Since 2003, when the AFL-CIO Building and Construction Trades Dept. (BCTD) and nine construction employer groups founded Helmets to Hardhats, or H2H, to transition military personnel into industry craft jobs, the continuing Iraq war has added a new crop of veterans and, as Memorial Day approaches, a poignant dimension to the union recruiting and training program.

The war’s demands spawned a larger military force trained in higher-tech tools and approaches. But the Pentagon had to reach deeper into National Guard and reserve support units, which drew longer, tougher stretches of duty. For those ready and able to transition back to civilian life or seek a post-military career change, H2H has offered a new opportunity.

The U.S. military discharges between 270,000 and 325,000 personnel every year, says Darrel Roberts, H2H executive director and a trained sheet-metal worker. The discharge just has to be honorable to qualify for H2H. “Our challenge is finding those who want a career in construction,” he says. “Not a lot of people look at the industry as a career choice until they realize what they can make and the opportunities available.”

For building trades, the military offers an untapped resource as unions anticipate severe manpower shortages in the next 10 to 15 years, when up to one-third of members will retire, says Tom Owens, BCTD director of communications. “Transitioning military vets are ideal because their training, skill, discipline and overall makeup is a great match for our program. Veterans are used to getting up early in the morning, being part of a team and are mission-oriented.”

Vet training is key.
H2H National
Vet training is key.

Dudley Light, national H2H director for the carpenters’ union, notes the military’s focus on vocational skills and safety training. “Veterans we see have good OSHA training, particularly in confined spaces,” he says. Light recalls one veteran who learned laser alignment in a Navy print shop, a skill used in millwright work. “Vets don’t understand the wide range of jobs carpenters do,” he says.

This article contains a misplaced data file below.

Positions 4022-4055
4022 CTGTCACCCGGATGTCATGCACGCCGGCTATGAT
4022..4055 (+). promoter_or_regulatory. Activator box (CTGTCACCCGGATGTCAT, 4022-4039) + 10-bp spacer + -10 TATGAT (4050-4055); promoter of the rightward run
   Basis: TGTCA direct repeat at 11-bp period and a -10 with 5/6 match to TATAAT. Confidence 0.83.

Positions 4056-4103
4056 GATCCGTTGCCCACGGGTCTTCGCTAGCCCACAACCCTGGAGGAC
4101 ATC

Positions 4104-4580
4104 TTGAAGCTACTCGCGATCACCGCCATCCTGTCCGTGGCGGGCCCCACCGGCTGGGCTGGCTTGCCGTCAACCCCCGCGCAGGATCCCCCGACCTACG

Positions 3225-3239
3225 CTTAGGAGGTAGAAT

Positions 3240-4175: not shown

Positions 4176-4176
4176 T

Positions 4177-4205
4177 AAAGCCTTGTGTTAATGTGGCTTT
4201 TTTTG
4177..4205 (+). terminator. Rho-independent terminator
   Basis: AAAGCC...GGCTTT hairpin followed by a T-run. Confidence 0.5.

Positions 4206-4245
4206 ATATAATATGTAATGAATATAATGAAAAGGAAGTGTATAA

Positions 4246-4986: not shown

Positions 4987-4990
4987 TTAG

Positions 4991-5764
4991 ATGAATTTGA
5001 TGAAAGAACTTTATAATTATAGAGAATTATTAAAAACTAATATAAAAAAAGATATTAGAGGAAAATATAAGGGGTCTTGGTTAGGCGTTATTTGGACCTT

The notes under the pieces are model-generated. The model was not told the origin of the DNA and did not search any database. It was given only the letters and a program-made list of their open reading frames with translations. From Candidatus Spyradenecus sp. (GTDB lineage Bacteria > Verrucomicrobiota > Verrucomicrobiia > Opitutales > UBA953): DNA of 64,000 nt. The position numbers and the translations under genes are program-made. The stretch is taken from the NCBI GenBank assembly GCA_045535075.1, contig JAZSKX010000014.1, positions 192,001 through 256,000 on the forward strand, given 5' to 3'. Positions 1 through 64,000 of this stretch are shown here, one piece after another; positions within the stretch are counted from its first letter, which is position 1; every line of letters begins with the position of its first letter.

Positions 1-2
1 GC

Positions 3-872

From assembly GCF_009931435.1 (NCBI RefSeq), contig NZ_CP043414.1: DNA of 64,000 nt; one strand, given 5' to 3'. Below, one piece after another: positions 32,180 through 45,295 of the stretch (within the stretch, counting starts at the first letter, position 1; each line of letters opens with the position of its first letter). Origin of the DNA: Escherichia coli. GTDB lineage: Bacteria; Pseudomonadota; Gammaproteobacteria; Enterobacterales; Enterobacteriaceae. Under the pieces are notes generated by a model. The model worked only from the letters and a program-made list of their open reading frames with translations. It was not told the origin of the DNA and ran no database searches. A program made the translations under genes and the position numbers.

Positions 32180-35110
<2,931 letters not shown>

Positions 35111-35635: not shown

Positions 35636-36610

The carpenters’ union has run its H2H program independently from BCTD since bolting from the umbrella group several years ago over union differences, but Light says the two programs still work together. H2H also has had administrative and financial ups and downs over the last few years. The building trades outsourced program administration after its creation but has run it in-house since 2006, says Light. Funding from the military also was cut significantly in 2008.

Military personnel are disciplined and motivated.
H2H National
Military personnel are disciplined and motivated.

Even so, there are successes. Light claims the carpenters’ union has absorbed “well over” 3,000 H2H-referred veterans into apprenticeships since 2003. BCTD statistics, available only for the past two years, show more than 18,700 veterans registered as H2H candidates in 2007, with 1,550 hired as apprentices or direct employees.

Damieon Tanner, an 11-year Louisiana National Guard veteran, served in Afghanistan with an engineering battalion but felt dead-ended working at a Wal-Mart distribution center. He signed up for H2H and was soon contacted by the International Union of Painters and Allied Trades for a job as a glazer. “I love my job, and I really do like glazing,” Tanner says. “I had thought about construction a few times but didn’t know exactly how to go about getting into it.”